Together with Henry, TWP runs the Tribal Renewable Energy Program, which puts the power of nature — the warmth of the sun, the power of the wind, the shelter of trees — to work for Native Americans. Working with reservation communities, TWP builds and installs supplemental solar air heaters for families in need, provides green job training to tribes around the country, and plants windbreak and shade trees around homes. These solutions are sustainable, economically beneficial, environmentally friendly, and celebrate the Native Americans’ respect for Mother Earth.

Learn more about the Energy Globe Award here: http://www.energyglobe.info

Notes from the Field: New friends, new home gardens, and “natural” disasters

by Jordan Engel, Red Cloud Renewable Energy Center Intern

The past two weeks have been a dramatic up and down ride at the Red Cloud Renewable Energy Center. We were so lucky to spend a week with a church group from Colorado as they learned about Lakota culture and volunteered their time on the reservation.  The group was on a youth mission trip from the Heart of the Rockies Church in Fort Collins, and we haven’t seen a group of better learners or harder workers. They helped us pull weeds and harvest on the Solar Warrior Farm, clean up the grounds around the workshop, rebuild two solar air heaters, and plant a vegetable and herb garden for one lucky Pine Ridge family.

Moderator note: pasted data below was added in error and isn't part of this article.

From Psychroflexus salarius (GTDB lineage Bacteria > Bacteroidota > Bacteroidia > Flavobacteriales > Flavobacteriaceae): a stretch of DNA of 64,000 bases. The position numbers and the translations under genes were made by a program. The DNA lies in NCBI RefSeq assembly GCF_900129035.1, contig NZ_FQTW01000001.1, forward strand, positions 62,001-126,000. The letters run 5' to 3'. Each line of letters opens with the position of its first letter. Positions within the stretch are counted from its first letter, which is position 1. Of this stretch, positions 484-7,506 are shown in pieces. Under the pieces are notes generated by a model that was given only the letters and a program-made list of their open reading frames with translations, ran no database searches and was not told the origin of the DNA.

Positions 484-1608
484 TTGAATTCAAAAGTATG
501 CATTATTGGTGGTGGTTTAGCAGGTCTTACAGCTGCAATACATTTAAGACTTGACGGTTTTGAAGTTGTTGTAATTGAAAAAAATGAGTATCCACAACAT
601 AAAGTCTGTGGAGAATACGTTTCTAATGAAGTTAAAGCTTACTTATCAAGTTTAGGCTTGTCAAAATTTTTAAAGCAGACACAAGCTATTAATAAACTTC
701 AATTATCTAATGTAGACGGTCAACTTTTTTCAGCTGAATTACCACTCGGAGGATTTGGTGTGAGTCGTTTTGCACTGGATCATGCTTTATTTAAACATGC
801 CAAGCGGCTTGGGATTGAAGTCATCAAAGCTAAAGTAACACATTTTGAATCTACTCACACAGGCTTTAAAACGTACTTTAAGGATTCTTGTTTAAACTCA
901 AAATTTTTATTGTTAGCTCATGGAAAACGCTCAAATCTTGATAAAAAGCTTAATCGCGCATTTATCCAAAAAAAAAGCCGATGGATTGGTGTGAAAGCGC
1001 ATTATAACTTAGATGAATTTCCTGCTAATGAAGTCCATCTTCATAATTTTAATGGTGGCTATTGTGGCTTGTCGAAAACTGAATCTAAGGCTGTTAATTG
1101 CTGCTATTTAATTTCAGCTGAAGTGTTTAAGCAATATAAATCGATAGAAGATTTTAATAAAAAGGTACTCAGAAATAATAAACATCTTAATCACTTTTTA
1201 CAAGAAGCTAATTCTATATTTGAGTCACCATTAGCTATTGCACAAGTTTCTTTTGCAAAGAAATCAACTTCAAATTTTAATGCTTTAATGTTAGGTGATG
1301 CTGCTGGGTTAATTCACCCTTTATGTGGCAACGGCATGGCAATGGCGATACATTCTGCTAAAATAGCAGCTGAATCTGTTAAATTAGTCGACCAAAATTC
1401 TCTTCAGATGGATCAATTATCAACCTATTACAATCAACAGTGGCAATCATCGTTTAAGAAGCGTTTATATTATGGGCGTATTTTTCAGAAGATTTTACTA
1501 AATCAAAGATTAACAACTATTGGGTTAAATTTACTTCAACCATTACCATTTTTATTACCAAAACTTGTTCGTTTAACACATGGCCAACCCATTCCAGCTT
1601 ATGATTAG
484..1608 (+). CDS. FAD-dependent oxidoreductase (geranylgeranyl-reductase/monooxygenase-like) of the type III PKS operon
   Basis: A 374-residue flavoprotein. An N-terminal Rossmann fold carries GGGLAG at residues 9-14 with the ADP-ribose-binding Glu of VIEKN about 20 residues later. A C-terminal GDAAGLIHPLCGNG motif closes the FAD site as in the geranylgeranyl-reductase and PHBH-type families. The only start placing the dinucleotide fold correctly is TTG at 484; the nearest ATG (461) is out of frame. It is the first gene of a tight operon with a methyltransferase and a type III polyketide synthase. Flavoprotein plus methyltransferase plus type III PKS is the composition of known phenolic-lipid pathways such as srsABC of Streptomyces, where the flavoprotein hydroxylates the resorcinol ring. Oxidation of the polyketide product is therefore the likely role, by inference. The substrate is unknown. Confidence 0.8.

Red Cloud Renewable Energy Center
Re-caulking solar panels to withstand the heat of the Ute’s tribal lands

The already constructed solar heaters, which were destined for the Ute reservations of Southwestern Colorado, needed to be taken apart and re-caulked. They had originally been sealed with a low-temp caulk, that while reliable for South Dakota weather, would not stand the test of high heat. We recently discovered that the caulk was melting in a unit we just installed on the Navajo Reservation in New Mexico and it couldn’t handle the stronger Southwestern sun. Since the Ute reservations are in that same part of the country, we upgraded to a high-temp caulk to prevent future melting.